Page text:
Our big girl will turn nine in this year, and according to Steiner, a metamorphosis is occuring -
"as two streams now flow in opposing directions, the influences of heredity are lessening and the individuality found in each child is awakening. This is sometimes referred to as ‘the crossing’. A new awareness of self as separate from the all embracing world of nature makes the child begin to look at the world more objectively"
As she becomes more aware of her own inner world, she will become more introspective, but also more critical and judgmental of her relationships with others, including me (and him - her parents) and her teachers. Children of this age often become worried and insecure.
"Nine year old children will question those things that previously went unquestioned: “Who are you to tell me?”, “What is my real name?”, “Am I adopted?” They will push boundaries, venture forth fearlessly when you wish they wouldn't and shrivel up fearfully where once they were confident.
With the ninth year there comes an important stage in the development of the growing child, and this should be carefully watched and considered in teaching and education. It is the age when the child first really feels separate from the surroundings, which formerly were taken so much for granted. Self-consciousness becomes noticeably stronger and the soul‑life more inward and independent. All the child's powers of consciousness stir to life, and a wish to learn to know both teacher and world from a new angle.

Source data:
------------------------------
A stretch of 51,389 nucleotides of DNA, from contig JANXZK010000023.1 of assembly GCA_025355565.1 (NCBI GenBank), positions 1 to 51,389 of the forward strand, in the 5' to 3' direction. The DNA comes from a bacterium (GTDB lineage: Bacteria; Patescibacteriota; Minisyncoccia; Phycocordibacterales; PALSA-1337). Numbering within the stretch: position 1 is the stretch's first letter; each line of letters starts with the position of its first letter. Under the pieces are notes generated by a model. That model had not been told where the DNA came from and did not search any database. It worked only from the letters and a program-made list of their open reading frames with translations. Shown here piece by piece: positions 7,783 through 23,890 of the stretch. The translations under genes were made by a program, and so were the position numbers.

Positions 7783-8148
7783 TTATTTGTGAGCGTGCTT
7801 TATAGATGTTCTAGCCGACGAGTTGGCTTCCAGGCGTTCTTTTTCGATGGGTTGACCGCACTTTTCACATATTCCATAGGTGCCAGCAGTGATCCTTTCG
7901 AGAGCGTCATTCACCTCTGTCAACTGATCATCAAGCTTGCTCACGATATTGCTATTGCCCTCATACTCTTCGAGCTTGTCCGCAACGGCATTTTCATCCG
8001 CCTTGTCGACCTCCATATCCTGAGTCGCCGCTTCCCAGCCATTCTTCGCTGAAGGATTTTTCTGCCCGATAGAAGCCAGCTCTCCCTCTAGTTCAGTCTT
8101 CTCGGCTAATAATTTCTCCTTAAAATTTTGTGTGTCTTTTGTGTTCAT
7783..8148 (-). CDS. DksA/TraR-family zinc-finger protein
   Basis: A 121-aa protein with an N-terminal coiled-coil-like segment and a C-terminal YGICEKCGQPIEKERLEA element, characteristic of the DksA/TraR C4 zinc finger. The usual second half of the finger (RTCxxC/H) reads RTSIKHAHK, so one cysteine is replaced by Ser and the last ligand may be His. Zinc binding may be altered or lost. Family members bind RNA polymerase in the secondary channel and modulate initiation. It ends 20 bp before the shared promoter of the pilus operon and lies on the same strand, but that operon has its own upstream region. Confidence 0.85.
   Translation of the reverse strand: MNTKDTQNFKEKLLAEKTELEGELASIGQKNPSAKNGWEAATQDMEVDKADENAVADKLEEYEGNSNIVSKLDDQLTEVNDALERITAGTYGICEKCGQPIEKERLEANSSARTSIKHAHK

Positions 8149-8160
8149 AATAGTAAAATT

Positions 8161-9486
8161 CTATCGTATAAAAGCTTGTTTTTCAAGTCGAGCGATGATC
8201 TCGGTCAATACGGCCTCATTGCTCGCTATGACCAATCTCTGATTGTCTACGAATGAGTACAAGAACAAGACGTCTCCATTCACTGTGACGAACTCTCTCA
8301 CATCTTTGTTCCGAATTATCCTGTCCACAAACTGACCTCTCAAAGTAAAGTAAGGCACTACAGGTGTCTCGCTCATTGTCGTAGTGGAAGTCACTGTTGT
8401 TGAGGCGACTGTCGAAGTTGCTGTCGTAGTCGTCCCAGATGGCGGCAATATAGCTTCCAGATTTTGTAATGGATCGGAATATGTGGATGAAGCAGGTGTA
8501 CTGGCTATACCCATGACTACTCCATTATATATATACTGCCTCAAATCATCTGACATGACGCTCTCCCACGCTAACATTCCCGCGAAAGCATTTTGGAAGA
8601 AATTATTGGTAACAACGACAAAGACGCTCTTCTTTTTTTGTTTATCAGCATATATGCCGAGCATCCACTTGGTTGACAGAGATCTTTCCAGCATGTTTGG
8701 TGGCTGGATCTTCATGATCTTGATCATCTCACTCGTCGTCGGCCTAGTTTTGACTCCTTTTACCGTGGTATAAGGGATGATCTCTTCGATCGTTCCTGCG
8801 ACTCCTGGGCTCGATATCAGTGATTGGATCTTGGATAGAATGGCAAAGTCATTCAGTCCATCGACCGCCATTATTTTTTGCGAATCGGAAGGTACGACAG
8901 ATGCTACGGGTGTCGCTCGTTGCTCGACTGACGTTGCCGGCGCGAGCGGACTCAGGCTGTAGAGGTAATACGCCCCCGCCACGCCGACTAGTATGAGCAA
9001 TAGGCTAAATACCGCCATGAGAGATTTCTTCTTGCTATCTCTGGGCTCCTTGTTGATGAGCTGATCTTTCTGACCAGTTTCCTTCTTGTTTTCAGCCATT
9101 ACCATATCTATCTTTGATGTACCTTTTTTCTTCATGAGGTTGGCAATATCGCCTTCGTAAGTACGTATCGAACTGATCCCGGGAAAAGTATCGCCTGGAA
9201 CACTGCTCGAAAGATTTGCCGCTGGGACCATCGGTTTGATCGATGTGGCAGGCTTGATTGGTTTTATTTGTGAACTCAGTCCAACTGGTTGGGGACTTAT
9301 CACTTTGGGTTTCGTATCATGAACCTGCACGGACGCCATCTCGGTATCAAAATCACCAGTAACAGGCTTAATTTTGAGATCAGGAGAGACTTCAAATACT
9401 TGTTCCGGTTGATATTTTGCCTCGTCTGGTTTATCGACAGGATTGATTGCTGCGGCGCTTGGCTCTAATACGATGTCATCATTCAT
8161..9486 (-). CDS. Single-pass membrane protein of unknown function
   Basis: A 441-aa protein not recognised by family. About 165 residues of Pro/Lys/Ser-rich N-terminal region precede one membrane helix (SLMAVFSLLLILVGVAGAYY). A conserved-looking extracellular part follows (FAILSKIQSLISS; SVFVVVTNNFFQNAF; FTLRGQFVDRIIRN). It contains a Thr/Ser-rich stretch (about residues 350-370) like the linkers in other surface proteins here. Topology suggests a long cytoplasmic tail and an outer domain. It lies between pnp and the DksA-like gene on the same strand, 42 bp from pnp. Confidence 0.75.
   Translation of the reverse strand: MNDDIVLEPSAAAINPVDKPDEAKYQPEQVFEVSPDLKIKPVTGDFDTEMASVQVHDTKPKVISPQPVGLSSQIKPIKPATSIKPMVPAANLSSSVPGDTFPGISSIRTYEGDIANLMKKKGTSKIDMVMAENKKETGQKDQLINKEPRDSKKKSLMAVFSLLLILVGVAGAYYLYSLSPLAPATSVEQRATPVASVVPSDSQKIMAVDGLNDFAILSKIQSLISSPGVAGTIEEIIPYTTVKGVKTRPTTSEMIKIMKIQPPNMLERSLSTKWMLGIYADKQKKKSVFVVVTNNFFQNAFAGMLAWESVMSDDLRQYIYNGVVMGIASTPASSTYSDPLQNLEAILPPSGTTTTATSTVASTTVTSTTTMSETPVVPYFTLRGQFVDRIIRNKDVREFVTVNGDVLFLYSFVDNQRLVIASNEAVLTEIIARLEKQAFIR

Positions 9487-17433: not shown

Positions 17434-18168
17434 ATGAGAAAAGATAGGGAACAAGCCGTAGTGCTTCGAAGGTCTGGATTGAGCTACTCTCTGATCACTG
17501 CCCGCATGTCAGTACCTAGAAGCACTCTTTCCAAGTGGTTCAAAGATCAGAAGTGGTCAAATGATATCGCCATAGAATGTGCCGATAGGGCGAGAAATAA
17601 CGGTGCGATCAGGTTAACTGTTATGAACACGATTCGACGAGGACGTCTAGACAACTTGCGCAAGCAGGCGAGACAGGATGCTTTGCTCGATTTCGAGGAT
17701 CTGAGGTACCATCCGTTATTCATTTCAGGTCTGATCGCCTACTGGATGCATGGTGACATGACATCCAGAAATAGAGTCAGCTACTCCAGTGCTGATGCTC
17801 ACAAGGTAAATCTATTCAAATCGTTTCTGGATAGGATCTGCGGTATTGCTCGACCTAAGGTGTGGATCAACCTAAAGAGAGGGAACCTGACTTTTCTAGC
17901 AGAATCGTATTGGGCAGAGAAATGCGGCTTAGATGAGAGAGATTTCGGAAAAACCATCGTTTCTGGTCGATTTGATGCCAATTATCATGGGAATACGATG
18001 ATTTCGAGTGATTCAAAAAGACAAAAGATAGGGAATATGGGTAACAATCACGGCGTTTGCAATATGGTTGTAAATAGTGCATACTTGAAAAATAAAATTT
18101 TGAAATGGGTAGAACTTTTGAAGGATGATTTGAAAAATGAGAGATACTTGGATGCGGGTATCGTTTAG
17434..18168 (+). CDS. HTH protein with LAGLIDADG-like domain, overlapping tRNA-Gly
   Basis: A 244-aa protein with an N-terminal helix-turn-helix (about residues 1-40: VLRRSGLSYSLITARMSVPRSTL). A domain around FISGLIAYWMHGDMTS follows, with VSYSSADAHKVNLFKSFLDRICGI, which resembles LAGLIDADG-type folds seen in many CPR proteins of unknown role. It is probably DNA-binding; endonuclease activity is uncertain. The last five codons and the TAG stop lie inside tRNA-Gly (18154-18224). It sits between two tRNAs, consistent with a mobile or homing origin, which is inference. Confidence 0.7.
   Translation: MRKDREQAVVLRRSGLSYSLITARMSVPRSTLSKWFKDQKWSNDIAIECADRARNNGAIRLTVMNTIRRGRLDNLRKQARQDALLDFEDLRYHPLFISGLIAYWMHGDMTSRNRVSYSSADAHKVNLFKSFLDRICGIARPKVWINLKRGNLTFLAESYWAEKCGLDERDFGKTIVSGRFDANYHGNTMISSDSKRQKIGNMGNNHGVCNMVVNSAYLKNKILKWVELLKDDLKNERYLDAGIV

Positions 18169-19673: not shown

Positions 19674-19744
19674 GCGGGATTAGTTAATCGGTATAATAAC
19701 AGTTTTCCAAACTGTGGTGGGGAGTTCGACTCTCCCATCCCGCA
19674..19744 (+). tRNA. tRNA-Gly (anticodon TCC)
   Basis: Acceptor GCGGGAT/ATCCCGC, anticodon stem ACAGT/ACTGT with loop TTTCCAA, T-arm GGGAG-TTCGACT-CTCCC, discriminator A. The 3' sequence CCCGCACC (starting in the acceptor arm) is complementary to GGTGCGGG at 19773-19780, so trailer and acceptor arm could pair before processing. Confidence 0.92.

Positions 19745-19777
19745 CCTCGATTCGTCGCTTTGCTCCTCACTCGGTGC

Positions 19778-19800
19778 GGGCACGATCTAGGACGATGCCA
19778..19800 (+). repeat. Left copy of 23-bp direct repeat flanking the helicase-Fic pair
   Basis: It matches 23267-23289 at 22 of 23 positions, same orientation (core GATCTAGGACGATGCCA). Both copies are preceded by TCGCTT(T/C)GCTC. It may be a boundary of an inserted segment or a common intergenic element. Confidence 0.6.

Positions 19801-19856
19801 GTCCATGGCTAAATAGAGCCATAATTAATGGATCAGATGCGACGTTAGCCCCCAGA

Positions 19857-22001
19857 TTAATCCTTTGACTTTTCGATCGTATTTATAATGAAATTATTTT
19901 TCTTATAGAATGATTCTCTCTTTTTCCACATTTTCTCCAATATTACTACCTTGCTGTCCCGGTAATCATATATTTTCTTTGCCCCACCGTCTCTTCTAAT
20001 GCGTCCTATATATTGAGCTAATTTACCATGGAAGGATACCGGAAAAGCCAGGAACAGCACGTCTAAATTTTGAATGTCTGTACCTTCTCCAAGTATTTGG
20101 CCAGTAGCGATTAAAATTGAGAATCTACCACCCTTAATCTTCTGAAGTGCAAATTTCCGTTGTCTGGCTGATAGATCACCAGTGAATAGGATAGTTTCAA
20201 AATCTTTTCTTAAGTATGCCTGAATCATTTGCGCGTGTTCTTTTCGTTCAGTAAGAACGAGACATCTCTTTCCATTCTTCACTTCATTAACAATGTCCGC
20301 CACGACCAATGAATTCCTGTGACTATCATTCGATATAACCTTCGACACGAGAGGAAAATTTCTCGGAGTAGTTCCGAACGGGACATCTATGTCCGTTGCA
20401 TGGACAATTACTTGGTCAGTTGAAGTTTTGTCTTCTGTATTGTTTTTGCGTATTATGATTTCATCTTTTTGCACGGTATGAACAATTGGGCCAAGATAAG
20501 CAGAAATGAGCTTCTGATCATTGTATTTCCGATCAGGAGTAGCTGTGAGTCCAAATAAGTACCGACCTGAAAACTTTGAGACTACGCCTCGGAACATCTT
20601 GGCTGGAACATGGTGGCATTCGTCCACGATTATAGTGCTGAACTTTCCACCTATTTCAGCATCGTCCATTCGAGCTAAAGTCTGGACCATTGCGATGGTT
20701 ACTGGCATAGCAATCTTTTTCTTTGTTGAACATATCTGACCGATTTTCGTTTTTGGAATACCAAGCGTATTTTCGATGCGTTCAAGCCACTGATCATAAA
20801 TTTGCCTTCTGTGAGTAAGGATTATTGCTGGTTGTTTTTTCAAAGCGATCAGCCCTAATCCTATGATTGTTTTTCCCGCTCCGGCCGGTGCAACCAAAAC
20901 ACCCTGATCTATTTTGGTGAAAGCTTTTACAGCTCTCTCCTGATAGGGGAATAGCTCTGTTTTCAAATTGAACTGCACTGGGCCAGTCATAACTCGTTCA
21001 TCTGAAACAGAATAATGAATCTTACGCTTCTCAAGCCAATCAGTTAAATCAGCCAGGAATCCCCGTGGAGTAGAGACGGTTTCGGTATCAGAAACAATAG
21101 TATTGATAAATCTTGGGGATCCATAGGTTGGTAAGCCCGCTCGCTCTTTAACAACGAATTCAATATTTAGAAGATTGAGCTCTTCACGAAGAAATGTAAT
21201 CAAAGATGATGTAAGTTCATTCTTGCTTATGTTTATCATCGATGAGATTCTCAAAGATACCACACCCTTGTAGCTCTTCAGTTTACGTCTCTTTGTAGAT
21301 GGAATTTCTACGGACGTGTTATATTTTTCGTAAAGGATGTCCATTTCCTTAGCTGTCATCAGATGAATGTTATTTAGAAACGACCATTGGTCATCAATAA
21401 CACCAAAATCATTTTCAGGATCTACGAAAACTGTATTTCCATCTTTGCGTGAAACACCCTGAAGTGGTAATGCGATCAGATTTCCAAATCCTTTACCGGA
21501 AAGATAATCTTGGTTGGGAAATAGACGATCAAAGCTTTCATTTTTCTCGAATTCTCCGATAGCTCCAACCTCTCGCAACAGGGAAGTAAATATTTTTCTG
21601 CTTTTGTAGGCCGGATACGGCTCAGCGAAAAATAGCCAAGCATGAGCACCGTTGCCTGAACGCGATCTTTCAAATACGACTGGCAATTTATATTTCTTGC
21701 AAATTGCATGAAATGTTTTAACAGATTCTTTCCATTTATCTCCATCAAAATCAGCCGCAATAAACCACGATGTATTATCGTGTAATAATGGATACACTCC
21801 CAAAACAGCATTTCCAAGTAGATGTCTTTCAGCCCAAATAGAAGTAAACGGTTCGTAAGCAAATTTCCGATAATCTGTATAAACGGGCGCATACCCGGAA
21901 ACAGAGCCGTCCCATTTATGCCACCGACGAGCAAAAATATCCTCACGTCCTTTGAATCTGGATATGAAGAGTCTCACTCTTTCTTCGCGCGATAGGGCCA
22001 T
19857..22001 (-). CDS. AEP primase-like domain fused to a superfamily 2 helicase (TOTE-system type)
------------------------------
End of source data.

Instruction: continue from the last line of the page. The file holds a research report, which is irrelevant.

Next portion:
This age makes great claims on the wisdom and tact of the teacher. The children need to be protected from a feeling of disappointment with themselves or the world, which they can so easily fall into at this age, especially in the presence of world‑weary or cynical adults."
Rudolf Steiner described how the principle of imitation, which is still prevalent in the first two grades, gives way to a new element that becomes necessary for 8 and 9 year olds. The new element is the need for authority. No longer one with the environment, the class three children now experiences the world “outside” as being separate from the Self. The child at this age wants to make decisions but is only gradually developing the inner resources to do so.
The natural authority figures of mother and father are often questioned, The children need to experience wisdom that is connected with authority, which comes through the story content of the main lessons in the middle years. One might call this a need for guidance through recognising the voice of authority-guidance that develops the children’s own growing ability to discern truth from untruth, Encountering the guiding authority that permeates the Old Testament can ignite the inner process of finding the inner voice of authority, which can become the ultimate authority for life.
"and there was light"
In the car on the way home she tells me wonderful colourful stories about Lucifer and his evil ways and how there is light and dark and a particularly lovely story about the very first water lily. I must find out the title of the book her teacher is reading from (cause sure as hell it ain't the bible!)